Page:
Sources of plastic entering the ocean:
The data was taken from the Boomerang Alliance’s study:
In February 2016, this data was put before an Australian senate inquiry:
Similar estimates based on beach clean-ups suggest that 46 per cent of items that wash up on beaches are food related packaging, cutlery and straws.
Source: Packaging Digest, 2011, www.packagingdigest.com/sustainable-packaging/spc-tackles-global-problem-packaging-and-marine-debris
Proportion of plastic that floats or sinks:
Eunomia, 2016, www.eunomia.co.uk/reports-tools/plastics-in-the-marine-environment/
70 per cent or more sinks to the floor, estimates vary. Sources: National Geographic Society, www.nationalgeographic.org/encyclopedia/great-pacific-garbage-patch/ and Earth Institute Columbia University, www.blogs.ei.columbia.edu/2011/01/26/our-oceans-a-plastic-soup/.
Size split of floating plastic:
M Erikson, et al, 2014, ‘Plastic pollution in the world’s oceans: more than 5 trillion plastic pieces weighing over 250,000 tons afloat at sea’, PLoS ONE, vol 9(12)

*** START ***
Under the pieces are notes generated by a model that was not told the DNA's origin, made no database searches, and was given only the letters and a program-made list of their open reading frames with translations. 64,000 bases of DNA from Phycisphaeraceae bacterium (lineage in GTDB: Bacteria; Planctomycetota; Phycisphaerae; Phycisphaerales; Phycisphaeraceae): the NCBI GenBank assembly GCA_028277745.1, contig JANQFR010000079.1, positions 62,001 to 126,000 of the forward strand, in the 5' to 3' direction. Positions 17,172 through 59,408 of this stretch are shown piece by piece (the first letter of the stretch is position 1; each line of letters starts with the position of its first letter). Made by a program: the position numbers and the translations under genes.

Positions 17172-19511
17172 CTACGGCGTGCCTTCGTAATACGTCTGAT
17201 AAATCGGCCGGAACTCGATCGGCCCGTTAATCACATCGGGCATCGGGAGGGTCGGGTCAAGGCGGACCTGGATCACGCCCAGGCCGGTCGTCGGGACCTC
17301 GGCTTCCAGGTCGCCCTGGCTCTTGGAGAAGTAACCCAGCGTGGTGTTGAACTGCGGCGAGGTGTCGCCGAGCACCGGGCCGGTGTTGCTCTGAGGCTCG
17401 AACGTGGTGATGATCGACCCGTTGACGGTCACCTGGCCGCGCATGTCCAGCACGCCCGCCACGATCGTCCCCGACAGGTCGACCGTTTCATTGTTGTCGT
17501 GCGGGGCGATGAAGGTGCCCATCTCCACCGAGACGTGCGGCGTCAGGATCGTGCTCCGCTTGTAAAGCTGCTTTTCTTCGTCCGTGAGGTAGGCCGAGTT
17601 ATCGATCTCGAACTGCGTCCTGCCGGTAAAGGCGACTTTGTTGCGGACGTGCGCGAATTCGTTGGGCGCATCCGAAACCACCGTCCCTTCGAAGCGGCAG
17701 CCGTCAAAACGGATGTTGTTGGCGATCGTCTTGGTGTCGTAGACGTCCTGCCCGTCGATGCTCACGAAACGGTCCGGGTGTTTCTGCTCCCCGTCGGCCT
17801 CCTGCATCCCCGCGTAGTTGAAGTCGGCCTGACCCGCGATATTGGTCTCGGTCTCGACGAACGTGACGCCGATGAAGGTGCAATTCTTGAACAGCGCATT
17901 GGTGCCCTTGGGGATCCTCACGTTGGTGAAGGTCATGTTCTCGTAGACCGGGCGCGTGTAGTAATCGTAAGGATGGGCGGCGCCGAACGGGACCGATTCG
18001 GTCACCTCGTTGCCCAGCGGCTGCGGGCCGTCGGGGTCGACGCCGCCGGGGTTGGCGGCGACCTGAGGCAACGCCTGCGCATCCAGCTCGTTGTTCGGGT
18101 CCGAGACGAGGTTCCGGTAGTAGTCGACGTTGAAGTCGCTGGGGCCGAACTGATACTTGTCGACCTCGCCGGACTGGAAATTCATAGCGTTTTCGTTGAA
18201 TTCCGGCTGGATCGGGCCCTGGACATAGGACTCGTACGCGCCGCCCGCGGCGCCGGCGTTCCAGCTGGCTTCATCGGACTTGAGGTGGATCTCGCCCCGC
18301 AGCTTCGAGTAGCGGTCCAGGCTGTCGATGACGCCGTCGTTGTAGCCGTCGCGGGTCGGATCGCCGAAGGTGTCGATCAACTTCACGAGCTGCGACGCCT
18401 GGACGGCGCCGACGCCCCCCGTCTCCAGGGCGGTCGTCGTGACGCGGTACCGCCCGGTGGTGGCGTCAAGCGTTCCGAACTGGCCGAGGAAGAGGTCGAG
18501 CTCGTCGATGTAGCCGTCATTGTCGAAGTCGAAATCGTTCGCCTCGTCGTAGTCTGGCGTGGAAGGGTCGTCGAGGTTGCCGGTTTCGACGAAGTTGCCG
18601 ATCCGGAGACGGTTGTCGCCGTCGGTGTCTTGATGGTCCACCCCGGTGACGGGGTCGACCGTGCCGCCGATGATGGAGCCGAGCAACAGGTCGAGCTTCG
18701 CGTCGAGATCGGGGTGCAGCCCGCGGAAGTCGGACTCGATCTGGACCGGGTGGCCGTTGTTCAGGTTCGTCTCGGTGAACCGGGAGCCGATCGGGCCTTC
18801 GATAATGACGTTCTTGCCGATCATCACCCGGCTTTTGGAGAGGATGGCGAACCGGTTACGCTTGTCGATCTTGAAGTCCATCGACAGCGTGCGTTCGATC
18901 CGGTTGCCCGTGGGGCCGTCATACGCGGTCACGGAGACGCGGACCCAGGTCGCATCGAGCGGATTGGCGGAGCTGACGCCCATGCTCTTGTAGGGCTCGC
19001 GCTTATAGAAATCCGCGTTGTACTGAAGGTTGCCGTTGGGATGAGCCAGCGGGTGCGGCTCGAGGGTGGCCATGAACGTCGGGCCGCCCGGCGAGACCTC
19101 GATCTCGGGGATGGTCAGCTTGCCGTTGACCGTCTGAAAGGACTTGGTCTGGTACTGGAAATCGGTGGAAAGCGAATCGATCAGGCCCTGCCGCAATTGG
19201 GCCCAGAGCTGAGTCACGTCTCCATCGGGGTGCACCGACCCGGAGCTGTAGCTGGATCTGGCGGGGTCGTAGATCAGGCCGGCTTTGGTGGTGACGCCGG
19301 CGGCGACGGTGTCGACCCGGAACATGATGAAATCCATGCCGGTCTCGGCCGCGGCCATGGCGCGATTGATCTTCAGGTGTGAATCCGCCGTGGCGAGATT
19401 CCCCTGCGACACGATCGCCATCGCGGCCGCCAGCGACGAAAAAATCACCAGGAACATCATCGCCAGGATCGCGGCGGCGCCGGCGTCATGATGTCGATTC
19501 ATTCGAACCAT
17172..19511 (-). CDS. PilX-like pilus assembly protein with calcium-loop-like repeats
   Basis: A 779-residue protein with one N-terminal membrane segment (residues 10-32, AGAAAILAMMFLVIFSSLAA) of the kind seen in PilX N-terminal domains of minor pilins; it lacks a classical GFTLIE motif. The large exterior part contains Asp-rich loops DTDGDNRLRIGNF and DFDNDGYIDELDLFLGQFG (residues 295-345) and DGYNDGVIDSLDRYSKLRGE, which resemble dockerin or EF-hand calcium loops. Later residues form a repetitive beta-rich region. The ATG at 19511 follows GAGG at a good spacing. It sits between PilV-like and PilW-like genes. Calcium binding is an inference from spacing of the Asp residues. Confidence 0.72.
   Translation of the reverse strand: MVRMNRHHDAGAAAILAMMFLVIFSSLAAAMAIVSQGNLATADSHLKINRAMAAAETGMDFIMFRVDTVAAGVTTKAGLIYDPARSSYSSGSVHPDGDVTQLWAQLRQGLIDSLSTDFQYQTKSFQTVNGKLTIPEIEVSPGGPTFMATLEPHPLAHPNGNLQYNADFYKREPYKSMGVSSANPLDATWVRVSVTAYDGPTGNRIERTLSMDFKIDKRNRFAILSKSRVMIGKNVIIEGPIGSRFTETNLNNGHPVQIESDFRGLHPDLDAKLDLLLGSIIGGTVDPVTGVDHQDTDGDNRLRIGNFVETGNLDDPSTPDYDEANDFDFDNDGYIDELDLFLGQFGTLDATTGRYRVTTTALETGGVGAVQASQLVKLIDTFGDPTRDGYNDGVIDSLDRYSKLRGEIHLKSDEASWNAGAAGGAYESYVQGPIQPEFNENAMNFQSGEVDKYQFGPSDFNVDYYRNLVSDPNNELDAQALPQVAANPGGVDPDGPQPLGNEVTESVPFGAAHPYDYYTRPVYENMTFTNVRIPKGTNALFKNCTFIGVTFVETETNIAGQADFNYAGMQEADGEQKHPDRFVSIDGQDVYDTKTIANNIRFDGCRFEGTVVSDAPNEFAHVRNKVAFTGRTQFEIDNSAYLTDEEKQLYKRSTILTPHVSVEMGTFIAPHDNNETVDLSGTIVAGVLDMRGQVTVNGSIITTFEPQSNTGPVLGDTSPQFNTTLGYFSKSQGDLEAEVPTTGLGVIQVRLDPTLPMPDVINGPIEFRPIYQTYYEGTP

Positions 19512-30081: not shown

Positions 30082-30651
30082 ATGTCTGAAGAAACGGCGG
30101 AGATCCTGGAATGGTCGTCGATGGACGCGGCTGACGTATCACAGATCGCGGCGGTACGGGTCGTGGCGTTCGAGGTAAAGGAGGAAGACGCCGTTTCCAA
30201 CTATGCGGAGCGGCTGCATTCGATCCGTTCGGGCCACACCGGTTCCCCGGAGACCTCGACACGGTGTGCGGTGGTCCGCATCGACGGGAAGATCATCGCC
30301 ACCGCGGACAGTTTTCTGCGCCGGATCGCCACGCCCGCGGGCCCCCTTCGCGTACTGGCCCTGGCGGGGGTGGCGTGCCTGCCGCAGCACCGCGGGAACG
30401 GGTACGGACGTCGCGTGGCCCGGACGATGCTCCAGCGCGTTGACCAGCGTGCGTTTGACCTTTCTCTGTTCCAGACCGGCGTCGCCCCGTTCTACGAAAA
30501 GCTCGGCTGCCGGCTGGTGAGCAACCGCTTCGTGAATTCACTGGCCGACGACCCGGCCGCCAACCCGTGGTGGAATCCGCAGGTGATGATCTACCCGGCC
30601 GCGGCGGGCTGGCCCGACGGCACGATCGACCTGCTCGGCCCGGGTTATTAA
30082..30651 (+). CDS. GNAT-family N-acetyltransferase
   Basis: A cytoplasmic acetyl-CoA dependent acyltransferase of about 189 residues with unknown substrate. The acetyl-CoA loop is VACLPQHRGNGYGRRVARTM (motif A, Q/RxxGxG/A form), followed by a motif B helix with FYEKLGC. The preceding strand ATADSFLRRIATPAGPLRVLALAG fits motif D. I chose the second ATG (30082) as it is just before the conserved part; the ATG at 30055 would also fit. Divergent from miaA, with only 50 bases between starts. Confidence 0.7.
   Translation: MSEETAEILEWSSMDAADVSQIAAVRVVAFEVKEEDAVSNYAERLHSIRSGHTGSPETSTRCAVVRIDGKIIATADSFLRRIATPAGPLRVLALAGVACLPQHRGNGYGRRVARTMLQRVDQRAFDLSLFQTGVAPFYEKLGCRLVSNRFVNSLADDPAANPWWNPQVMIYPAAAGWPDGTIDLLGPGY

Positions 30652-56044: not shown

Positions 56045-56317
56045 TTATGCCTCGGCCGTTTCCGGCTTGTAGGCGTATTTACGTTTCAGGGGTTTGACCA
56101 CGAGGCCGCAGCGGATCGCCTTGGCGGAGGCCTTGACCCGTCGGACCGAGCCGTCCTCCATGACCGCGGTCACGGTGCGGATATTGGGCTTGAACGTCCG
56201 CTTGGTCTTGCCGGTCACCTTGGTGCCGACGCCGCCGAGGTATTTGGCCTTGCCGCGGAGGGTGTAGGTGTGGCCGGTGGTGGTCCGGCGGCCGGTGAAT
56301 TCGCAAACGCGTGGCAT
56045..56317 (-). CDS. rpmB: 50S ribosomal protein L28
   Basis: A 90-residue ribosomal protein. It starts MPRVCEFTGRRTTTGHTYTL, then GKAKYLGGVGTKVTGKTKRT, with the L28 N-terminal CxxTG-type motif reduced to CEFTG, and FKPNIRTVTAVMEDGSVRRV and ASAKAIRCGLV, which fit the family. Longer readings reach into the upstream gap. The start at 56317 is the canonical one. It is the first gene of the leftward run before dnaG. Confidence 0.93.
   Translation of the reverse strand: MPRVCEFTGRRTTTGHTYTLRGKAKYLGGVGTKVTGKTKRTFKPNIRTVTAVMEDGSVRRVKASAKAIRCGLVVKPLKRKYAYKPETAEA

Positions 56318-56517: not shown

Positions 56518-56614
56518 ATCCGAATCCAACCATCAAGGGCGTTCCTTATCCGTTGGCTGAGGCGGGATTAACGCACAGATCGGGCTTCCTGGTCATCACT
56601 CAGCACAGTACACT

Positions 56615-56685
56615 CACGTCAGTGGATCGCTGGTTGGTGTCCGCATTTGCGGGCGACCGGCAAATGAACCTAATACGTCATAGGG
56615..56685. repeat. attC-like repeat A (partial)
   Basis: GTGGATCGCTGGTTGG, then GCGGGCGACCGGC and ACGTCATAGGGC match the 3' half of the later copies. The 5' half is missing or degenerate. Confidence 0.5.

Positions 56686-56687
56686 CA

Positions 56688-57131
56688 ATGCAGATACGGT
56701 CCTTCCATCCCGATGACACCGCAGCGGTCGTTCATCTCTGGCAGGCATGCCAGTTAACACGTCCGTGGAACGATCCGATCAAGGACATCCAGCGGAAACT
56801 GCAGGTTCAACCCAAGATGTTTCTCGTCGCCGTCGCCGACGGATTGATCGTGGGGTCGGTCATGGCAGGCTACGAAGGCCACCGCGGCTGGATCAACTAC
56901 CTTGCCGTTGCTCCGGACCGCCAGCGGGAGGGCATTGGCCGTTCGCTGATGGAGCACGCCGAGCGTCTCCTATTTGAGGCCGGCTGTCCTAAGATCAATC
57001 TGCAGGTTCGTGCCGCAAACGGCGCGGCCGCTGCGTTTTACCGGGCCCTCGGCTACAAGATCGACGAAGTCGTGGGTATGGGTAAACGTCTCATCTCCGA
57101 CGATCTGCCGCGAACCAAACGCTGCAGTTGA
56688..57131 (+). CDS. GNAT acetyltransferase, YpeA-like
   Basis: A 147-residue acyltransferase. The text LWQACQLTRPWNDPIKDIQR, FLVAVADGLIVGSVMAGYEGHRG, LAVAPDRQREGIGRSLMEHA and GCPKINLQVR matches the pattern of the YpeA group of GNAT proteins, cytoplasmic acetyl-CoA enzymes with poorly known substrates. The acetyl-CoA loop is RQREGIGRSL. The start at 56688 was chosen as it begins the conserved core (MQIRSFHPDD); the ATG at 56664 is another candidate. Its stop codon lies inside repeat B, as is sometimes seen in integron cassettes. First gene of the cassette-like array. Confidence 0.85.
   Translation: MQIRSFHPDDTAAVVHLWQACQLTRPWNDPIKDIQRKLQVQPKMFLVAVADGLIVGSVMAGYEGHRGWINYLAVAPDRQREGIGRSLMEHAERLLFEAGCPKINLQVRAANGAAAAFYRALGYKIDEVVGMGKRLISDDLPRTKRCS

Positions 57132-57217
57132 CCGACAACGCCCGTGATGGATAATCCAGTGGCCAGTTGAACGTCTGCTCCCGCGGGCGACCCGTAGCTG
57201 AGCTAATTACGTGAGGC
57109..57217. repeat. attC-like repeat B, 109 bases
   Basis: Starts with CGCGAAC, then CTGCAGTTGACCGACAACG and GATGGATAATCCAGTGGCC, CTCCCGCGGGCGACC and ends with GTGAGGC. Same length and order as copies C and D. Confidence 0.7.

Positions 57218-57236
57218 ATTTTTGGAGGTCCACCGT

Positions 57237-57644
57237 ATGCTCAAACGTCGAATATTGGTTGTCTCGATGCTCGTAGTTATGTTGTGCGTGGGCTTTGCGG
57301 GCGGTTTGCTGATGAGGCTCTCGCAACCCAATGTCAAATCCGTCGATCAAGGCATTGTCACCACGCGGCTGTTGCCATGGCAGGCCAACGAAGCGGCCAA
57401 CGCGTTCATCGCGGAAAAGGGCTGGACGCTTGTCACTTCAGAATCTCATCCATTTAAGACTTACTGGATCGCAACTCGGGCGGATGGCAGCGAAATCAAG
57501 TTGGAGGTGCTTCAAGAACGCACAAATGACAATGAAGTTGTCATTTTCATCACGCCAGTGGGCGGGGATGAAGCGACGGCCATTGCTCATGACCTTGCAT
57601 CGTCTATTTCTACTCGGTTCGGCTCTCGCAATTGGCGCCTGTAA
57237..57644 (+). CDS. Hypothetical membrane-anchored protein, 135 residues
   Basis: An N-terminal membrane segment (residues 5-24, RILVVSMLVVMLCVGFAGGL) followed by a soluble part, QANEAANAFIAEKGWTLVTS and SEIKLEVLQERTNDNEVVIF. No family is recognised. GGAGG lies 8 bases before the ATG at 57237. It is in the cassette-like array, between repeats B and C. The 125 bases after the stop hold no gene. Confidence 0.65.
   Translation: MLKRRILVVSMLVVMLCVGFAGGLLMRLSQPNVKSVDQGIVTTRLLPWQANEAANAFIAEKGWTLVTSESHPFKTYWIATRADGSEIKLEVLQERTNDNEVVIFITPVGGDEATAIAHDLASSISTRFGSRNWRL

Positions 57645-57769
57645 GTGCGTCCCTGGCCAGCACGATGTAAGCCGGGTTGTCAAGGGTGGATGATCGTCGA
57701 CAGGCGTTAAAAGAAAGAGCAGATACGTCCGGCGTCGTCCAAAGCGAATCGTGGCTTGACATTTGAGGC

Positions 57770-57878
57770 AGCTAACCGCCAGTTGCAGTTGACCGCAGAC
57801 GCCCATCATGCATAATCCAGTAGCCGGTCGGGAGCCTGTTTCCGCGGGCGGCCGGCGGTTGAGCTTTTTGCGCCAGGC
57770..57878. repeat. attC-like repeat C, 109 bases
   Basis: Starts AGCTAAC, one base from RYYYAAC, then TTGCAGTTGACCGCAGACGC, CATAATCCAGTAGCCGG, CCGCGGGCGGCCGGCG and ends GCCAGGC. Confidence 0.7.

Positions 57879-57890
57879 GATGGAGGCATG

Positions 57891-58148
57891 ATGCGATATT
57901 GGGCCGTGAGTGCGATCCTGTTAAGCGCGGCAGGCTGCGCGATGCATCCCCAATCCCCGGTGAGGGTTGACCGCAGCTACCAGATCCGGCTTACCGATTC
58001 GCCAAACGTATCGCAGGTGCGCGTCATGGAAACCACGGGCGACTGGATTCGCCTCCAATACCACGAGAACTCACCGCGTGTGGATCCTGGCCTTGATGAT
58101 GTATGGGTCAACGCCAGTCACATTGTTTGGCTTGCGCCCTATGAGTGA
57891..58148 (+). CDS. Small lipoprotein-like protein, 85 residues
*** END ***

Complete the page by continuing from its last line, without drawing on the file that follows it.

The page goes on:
Local Authority costs of beach cleaning:
This figure is an average of €146,000 per municipality per year for UK, and €200,000 per municipality per year in Belgium and the Netherlands.
As referenced in UNEP, Marine Plastic Debris and Microplastic Technical Report Annex, p35,
Species affected by entanglement and plastic ingestion:
D W Laist, 1997, ‘Impacts of marine debris: entanglement of marine life in marine debris including a comprehensive list of species with entanglement and ingestion records’, Marine debris, sources, impacts, and solutions, pp 99–139, Springer-Verlag
Human ingestion of plastic microparticles:
L Van Cauwenberghe and C R Janssen, 2014, ‘Microplastics in bivalves cultured for human consumption’, Environmental Pollution, 193, pp 65-70